New Method Developed to Comprehensively Map the Off-Target Activity of CRISPR-Cas9 Across Entire Genomes4 months ago -
Caribou Biosciences, Inc., a leading company in CRISPR-Cas genome engineering, and DuPont Pioneer announced the Nature Methods publication describing SITE-Seq, a new method for comprehensively mapping CRISPR-Cas9 cleavage sites across the genome of any organism. When compared against other off-target analysis techniques, SITE-Seq detected potential off-target cleavage sites with a higher degree of resolution. This study has significant implications for the commercialization of products developed with CRISPR-Cas9 technology, as robust analytical tools are necessary to ensure the effective use of this gene-editing tool.
The full study, entitled “Mapping the genomic landscape of CRISPR–Cas9 cleavage,” was published May 1 in Nature Methods and details the biochemical method developed by Caribou and DuPont Pioneer scientists to comprehensively map CRISPR-Cas9 cleavage sites within the genome. Importantly, this information can be used to precisely measure the off-target effects of CRISPR-Cas9 genome editing in cell-based applications. Overall, this method will allow researchers to more effectively select CRISPR-Cas9 targets and delivery methods with maximum accuracy and specificity, thereby overcoming some of the concerns associated with potential off-target effects of CRISPR-Cas9.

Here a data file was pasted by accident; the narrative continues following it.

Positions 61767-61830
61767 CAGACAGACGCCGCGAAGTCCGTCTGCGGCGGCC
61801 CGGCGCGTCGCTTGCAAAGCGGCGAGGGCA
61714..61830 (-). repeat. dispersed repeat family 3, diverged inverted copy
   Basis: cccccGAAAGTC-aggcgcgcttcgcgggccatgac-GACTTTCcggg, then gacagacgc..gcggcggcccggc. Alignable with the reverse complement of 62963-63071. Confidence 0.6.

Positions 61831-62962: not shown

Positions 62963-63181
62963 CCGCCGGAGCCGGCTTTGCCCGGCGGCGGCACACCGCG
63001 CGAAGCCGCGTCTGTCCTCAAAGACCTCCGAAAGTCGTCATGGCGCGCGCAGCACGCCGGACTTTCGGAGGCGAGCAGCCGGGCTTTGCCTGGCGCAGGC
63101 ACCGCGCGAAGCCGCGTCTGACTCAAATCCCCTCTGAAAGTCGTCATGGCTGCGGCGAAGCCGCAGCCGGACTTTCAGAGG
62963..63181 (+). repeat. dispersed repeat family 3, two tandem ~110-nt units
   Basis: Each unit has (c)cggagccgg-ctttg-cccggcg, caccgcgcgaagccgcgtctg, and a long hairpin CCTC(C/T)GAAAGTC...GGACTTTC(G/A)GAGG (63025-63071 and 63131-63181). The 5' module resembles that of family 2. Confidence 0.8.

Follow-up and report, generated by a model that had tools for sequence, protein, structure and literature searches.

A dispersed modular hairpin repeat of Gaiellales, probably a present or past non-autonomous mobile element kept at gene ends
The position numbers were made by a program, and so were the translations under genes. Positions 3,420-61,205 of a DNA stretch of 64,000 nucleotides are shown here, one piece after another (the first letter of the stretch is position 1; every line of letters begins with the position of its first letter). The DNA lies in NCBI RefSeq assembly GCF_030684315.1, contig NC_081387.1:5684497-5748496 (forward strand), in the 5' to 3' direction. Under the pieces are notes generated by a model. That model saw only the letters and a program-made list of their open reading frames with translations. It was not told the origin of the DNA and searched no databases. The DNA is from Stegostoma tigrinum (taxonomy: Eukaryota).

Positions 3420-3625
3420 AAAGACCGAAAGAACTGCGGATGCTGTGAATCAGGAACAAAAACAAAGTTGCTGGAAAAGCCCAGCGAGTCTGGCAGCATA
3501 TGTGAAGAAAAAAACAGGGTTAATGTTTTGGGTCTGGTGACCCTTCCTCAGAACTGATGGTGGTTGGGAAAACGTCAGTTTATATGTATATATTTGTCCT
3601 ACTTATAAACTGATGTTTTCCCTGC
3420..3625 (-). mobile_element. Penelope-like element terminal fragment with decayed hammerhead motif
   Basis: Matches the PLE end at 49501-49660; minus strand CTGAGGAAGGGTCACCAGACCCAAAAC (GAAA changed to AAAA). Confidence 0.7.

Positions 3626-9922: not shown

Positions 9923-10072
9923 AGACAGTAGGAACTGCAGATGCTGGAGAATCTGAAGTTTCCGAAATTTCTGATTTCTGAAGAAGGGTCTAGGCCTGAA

This new method is expected to have broad applicability as it can be used to comprehensively detect CRISPR-Cas9 cleavage sites across the genome of any organism. The SITE-Seq method, in conjunction with cell-based validation methods, will constitute a robust pipeline for selecting CRISPR-Cas9 reagents for research or product development.
“This research marks a significant step towards the confirmation of CRISPR-Cas9 as a safe and effective gene-editing tool. By providing researchers with a way to accurately map the genomic landscape of CRISPR–Cas9 activity, we can reduce the occurrence of off-target effects by selecting for targets with the highest possible activity and specificity,” says Rachel Haurwitz, president and CEO of Caribou. “We are delighted at this latest demonstration of the valuable collaboration between Caribou and DuPont Pioneer scientists who are advancing the development of CRISPR-Cas9 applications.”
“The SITE-Seq research is an excellent proof point of productive collaboration between Caribou and DuPont Pioneer for the advancement of CRISPR-Cas technology,” says Neal Gutterson, vice president, Research & Development at DuPont Pioneer.